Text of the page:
Recently, we concluded a series on coffee culture around the world over on our Instagram page. In case you missed it, we have listed all of them here.
Grounded in the larger cultural concept of ‘hygge,’ coffee is meant to be enjoyed slowly with friends, to create the signature warmth and cosiness of hygge that makes the Danes one of the happiest people in the world. Coffee shops in Denmark are carefully curated spaces with lots of books, art and furniture, encouraging guests to take their time savouring their coffee. Denmark is also one of the biggest consumers of coffee.
Italian coffee culture is probably the most easily recognizable around the world. Espresso comes from the word for 'pressed' in Italian - as water is pushed through tightly pressed together coffee grounds. An average day in Italy is defined by coffee rituals: a cappuccino with breakfast, a caffè macchiato – or two – as an afternoon pick-me-up, and espresso after dinner.
Undoubtedly the birthplace of coffee culture, Yemen is where the coffee drink was invented. The bean is said to have been first consumed as a beverage in western Yemen in 1450 by the country’s mystical Sufi monk population who used the drink to help them stay awake during all-night meditations. It was exported almost exclusively from the Port of Mokha, hence, 'mocca.' Yemeni coffee remains one of the best and most prized coffee anywhere in the world.
Vietnam was first introduced to coffee by the French, and is now the second largest producer of coffee in the world. Vietnam has a fantastic coffee culture with lots of variations in the way it is served. Vietnam is the world's second largest producer of coffee, and most of it is the robusta variety - making for a strong, rich, dark blend. It is served with its own drip filter with a thick layer of condensed milk to smooth out the strong coffee. The coffee is meant to be consumed slowly and mindfully. Other variations of Vietnamese coffee include egg and yogurt. Yup!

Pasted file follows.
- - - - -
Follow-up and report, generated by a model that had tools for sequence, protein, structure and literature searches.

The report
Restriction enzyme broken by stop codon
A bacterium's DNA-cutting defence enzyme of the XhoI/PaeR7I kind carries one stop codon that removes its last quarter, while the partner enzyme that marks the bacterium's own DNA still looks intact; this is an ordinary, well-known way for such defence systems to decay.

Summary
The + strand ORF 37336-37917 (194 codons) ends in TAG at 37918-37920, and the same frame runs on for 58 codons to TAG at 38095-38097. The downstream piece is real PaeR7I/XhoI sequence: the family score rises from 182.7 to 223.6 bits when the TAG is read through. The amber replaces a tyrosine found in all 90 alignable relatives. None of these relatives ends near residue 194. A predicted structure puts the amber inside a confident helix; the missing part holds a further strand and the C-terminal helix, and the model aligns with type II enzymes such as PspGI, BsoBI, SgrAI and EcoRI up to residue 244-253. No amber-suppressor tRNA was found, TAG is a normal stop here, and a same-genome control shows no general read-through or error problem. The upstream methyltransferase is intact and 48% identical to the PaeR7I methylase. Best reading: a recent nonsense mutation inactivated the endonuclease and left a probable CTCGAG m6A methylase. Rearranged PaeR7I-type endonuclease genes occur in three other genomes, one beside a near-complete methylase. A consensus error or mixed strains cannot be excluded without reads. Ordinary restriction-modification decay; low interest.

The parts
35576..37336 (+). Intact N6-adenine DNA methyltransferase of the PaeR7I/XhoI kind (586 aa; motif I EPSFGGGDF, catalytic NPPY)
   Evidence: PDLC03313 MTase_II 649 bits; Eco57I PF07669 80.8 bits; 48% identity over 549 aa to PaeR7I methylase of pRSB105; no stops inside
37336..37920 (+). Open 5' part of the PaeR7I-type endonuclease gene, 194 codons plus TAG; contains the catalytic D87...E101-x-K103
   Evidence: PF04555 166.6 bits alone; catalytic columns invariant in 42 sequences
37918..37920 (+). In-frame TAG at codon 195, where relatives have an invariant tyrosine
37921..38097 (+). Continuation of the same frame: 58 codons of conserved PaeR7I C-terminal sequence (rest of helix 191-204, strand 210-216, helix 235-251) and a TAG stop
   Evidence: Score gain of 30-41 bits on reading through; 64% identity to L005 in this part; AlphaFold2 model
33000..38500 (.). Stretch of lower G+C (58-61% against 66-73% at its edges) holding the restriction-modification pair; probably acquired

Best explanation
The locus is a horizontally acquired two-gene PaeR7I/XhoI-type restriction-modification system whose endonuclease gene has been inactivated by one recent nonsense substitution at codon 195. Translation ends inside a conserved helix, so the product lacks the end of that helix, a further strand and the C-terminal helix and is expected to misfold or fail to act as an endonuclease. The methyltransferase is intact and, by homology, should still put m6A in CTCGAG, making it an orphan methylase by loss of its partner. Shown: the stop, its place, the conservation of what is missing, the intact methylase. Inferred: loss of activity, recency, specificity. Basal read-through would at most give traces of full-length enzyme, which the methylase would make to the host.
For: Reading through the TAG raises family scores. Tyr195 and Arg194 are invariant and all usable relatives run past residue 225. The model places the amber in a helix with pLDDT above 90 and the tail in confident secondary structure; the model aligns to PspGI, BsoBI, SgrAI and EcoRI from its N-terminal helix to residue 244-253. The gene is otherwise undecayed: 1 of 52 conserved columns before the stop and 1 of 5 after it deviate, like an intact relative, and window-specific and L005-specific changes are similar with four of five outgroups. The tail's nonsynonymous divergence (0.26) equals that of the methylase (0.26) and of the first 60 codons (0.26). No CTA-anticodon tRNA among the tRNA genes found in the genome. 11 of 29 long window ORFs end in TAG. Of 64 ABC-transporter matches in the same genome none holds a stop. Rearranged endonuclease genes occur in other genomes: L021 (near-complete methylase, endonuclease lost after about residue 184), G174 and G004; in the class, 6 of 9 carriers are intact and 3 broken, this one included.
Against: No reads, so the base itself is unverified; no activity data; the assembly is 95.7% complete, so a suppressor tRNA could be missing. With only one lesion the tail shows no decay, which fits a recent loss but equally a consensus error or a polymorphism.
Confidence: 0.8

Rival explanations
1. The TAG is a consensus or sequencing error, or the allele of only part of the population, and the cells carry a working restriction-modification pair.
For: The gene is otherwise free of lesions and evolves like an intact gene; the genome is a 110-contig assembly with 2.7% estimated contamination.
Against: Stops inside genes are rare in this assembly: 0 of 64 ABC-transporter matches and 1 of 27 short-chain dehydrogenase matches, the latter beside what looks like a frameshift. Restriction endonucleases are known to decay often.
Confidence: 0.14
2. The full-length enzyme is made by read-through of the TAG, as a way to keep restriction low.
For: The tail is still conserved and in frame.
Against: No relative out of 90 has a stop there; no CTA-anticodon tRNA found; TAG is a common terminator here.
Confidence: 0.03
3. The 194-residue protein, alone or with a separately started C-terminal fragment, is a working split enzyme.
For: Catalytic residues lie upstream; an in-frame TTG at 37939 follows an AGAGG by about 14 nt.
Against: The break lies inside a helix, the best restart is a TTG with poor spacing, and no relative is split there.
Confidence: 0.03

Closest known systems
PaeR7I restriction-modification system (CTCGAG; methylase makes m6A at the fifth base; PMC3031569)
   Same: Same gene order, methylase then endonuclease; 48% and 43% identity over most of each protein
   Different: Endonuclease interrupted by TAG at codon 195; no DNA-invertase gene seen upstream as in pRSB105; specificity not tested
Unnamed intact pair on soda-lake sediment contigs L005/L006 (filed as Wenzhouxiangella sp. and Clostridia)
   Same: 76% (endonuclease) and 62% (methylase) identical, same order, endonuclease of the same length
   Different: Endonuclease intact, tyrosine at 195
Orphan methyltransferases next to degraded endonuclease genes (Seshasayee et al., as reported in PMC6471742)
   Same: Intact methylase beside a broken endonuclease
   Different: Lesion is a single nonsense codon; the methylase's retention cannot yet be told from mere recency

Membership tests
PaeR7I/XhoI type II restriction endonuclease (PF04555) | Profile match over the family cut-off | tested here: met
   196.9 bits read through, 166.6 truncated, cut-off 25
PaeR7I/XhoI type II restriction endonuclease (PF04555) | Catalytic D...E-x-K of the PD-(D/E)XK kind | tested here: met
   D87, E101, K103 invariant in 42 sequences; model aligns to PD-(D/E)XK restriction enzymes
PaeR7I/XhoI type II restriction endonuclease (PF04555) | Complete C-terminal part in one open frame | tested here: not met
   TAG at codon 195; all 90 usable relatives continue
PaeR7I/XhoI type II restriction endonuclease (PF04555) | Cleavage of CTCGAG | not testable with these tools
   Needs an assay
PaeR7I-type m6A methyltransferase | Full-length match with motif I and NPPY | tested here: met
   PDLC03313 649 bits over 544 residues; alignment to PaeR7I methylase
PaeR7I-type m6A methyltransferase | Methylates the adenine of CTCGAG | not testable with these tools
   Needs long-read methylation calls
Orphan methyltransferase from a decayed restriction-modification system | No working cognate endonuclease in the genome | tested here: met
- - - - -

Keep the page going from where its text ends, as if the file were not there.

Coffee is an essential part of the food culture of Turkey. Even if you are not a coffee drinker, there is no other cure for the cruel Turkish winter. Not for the weak of heart, this is traditionally a strong black coffee. What sets Turkish coffee apart is the fact that it is a finely ground, unfiltered blend. The coffee is served with the coffee grounds still in it. Usually paired with a small piece of Turkish dessert like lokum or baklava, the coffee cup is turned on its head after drinking. The pattern that the coffee grounds leave behind are used for fortune telling.
Kopi, Kopi-O, Kopi-Kaw - are all names for the different variations of coffee that you will be able to get across Malaysia. Coffee culture is big in Malaysia with traditional, neighborhood shops to hipster joints, from hot to frozen, you can get any kind of coffee at any time of the day. What makes Malaysian coffee unique is that the beans are roasted with margarine and sugar. Penang White Coffee is roasted without sugar, giving it a slightly less dark colour. The next time you visit Malaysia be sure to visit a 'kopitiam' for a traditional breakfast of black coffee, half boiled eggs and kaya (coconut and egg jam) toast.